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Lu P.H.D.,University of New South Wales | Strutzberg H.,CiS Research Institute for Micro Sensors and Photovoltaics | Wenham S.,University of New South Wales | Lennon A.,University of New South Wales
Electrochimica Acta | Year: 2014

Hydrogen can act to reduce recombination at silicon surfaces for solar cell devices and consequently the ability of dielectric layers to provide a source of hydrogen for this purpose is of interest. However, due to the ubiquitous nature of hydrogen and its mobility, direct measurements of hydrogen incorporation in dielectric layers are challenging. In this paper, we report the use of secondary ion mass spectrometry measurements to show that deuterium from an electrolyte can be incorporated in an anodic aluminium oxide (AAO) layer and be introduced into an underlying amorphous silicon layer during anodisation of aluminium on silicon wafers. After annealing at 400 °C, the concentration of deuterium in the AAO was reduced by a factor of two, as the deuterium was re-distributed to the interface between the amorphous silicon and AAO and to the amorphous silicon. The assumption that hydrogen, from an aqueous electrolyte, could be similarly incorporated in AAO, is supported by the observation that the hydrogen content in the underlying amorphous silicon was increased by a factor of ∼ 3 after anodisation. Evidence for hydrogen being introduced into crystalline silicon after aluminium anodisation was provided by electrochemical capacitance voltage measurements indicating boron electrical deactivation in the underlying crystalline silicon. If introduced hydrogen can electrically deactivate dopant atoms at the surface, then it is reasonable to assume that it could also deactivate recombination-active states at the crystalline silicon interface therefore enabling higher minority carrier lifetimes in the silicon wafer. © 2014 Elsevier Ltd. Source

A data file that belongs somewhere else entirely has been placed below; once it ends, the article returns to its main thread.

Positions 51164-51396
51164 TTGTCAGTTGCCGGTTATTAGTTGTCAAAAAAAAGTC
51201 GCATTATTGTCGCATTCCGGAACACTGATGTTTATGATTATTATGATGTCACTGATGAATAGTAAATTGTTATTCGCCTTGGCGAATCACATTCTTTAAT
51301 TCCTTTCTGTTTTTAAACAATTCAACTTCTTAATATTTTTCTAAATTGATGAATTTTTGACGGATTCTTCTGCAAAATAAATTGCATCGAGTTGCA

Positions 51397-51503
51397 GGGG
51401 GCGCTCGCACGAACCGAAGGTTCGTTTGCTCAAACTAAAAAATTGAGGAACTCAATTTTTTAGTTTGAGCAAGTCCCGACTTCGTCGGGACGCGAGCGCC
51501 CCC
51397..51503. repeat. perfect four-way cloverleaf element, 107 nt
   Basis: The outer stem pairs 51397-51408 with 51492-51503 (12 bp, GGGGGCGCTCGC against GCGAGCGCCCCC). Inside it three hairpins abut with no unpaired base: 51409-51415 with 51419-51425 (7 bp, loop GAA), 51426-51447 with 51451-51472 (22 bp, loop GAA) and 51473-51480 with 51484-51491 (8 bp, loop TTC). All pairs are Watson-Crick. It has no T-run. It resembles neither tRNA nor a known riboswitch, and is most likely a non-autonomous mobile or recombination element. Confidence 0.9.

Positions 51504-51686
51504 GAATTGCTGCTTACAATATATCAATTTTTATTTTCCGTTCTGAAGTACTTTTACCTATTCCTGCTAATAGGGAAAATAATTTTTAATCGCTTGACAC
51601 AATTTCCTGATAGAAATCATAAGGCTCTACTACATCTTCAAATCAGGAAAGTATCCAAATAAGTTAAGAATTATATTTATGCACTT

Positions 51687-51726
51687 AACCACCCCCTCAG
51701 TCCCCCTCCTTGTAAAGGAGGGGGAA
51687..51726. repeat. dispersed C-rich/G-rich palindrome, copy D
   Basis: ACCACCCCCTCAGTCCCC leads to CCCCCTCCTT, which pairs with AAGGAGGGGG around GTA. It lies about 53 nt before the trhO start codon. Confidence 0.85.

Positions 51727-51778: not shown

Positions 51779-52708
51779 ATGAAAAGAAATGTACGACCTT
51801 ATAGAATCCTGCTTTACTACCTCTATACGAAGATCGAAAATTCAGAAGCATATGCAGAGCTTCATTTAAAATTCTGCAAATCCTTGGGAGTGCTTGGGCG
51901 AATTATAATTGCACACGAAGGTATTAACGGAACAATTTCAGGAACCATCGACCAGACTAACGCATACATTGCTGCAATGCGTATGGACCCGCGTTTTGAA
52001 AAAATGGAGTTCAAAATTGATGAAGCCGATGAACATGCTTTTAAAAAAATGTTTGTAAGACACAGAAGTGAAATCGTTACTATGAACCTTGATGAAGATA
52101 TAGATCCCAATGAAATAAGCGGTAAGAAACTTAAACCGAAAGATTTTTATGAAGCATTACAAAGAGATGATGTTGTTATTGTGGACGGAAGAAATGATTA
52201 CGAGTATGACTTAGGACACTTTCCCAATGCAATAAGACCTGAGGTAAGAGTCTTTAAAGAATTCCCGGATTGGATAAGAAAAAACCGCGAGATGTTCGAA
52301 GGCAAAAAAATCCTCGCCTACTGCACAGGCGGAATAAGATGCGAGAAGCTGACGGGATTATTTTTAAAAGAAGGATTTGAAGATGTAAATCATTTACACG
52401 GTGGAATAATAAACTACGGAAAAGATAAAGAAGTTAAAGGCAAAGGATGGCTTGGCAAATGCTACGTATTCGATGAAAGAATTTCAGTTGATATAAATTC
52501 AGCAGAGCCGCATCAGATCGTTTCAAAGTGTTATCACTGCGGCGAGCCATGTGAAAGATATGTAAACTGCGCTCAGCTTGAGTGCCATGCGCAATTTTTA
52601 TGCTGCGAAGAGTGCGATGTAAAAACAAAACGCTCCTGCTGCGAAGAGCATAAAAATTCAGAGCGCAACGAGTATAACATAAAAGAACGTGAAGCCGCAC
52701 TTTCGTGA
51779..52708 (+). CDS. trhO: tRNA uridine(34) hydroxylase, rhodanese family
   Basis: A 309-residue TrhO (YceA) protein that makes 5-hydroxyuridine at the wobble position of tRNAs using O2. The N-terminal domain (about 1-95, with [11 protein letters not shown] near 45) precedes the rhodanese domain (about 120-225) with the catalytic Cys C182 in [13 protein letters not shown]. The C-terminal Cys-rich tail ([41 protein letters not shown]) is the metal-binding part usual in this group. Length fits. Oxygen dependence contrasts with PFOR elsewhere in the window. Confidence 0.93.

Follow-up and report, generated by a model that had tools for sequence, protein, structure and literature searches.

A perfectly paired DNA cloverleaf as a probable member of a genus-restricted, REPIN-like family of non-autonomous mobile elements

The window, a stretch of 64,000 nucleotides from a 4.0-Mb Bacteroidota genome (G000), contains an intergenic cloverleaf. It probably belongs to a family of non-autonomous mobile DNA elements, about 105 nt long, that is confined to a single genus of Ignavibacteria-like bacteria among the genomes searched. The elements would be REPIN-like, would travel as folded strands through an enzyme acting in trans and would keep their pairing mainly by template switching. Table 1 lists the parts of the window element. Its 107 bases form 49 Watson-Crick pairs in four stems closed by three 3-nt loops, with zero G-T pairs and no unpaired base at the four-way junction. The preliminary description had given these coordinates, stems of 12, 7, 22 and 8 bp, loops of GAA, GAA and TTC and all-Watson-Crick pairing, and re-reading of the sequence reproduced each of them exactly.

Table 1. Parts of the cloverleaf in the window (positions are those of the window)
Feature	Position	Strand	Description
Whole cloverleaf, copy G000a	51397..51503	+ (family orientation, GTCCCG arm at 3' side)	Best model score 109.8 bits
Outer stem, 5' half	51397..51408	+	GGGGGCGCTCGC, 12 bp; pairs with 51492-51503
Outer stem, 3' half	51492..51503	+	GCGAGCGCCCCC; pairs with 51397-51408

Takeuchi N.,Yokohama National University | Ortlepp T.,CiS Research Institute for Micro Sensors and Photovoltaics | Yamanashi Y.,Yokohama National University | Yoshikawa N.,Yokohama National University
IEEE Transactions on Applied Superconductivity | Year: 2014